Throughout the 1970s, as he wrote the "American Journal" feature for the New Yorker
, Calvin Trillin crossed and recrossed the continent. Braver than most transients, he dined in every manner of restaurant, sampling all kinds of native cuisine. He tirelessly sniffed out plain but great joints where the local people loved to eat. "[Don't take me to the] place you took your parents on their twenty-fifth wedding anniversary, [but] the place you went the night you came home after fourteen months in Korea." As a result of such hard-nosed pursuit of good food, this "Walt Whitman of American eats" produced three delightful books chronicling his gastronomic journey, and they have now been collected into The Tummy Trilogy
. Trillin is a marvelous writer, affable and witty under any circumstances. He's also an extremely enthusiastic eater, so the books are filled with gourmet brio. Here's a sample from the first book, American Fried
ME: Anybody who served a milkshake like this in Kansas City would be put in jail.
ALICE: You promised not to indulge in any of that hometown nostalgia while I'm eating. You know it gives me indigestion.
ME: What nostalgia? Facts are facts. The kind of milkshake that I personally consumed six hundred gallons of at the Country Club Daily is an historical fact in three flavors. Your indigestion is not from listening to my fair-minded remarks on the food of a particular American city. It's from drinking that gray skim milk this bandit is trying to pass off as a milkshake.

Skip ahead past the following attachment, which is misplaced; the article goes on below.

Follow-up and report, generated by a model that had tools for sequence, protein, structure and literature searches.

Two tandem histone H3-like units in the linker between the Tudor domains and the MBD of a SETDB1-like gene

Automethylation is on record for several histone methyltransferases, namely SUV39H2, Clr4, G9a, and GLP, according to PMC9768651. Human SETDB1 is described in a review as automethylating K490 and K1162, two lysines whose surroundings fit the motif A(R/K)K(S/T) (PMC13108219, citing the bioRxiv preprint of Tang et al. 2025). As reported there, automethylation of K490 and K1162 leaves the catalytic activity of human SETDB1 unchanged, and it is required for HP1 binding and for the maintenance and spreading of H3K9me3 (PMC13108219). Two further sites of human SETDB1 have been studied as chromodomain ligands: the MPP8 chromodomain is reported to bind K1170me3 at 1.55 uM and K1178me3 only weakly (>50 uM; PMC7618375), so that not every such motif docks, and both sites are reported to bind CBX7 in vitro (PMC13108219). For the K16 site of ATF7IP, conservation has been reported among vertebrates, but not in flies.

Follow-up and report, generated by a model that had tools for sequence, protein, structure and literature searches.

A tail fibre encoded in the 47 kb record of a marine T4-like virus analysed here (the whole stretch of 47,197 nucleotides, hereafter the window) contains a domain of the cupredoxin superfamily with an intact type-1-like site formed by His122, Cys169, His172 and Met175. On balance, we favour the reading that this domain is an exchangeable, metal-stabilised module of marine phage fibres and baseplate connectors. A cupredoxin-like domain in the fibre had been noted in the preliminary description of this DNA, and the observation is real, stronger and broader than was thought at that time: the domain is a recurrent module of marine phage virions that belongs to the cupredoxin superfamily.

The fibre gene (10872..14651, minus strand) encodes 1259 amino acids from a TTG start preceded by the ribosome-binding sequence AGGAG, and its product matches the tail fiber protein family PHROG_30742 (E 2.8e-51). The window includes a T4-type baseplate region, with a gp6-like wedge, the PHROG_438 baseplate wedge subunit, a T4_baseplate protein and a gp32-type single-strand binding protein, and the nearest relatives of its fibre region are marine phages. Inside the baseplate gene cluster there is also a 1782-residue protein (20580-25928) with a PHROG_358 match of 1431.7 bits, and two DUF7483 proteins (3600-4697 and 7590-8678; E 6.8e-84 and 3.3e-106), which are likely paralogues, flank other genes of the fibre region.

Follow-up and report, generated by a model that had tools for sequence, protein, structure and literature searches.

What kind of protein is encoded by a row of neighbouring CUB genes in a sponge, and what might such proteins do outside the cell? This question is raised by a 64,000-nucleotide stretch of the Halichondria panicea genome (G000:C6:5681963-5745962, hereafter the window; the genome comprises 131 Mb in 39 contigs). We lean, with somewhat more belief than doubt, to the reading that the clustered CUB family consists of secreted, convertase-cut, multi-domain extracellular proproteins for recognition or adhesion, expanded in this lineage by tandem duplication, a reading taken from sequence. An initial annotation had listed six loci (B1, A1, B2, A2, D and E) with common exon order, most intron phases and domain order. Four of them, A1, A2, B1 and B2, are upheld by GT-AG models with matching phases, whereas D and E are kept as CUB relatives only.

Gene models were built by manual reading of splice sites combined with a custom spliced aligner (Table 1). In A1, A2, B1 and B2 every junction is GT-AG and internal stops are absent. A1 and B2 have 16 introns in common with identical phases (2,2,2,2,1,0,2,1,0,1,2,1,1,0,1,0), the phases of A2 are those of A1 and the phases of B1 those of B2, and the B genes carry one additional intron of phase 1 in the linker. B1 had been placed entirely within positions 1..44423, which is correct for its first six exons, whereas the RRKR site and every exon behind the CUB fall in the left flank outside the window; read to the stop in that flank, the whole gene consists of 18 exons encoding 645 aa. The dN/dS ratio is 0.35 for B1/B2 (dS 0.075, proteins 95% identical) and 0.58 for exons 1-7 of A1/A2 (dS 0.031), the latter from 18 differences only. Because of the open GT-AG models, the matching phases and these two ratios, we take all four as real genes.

This book is almost as fun as tucking into a big, delicious meal (but no substitute, of course). Trillin's family, long-suffering in the face of a father's obsessions, is as winning as always. If you're a dedicated fan--or just dipping into the writing of this good-natured maestro--The Tummy Trilogy is a wonderful book. --Michael Gerber
From Publishers Weekly
New Yorker writer Trillin, known for his slow-burn, deadpan humor, reads a selection of 17 pieces from his previously published essay collections American Fried, Third Helpings and Alice, Let's Eat. Helpful introductory comments include, "I'm here to tell you that compared to a monkfish, the average catfish looks like Robert Redford." More broadly, the message for restaurateurs is to avoid the pretensions of establishments referred to collectively as La-Maison-de-la-Casa-House and to embrace the authentic merits of the Buffalo chicken wing, the Chinatown noodle and the New York City bagel. The message for the rest of us is to eat without shame or remorse, to approach every meal (even the dreadful scrambled eggs Trillin mentions he was once in the habit of making for his daughters) with the same welcoming smile that this deft writer and performer leaves on everyone who listens to him. Based on the FSG hardcover.
Copyright 2001 Cahners Business Information, Inc.
--This text refers to an out of print or unavailable edition of this title.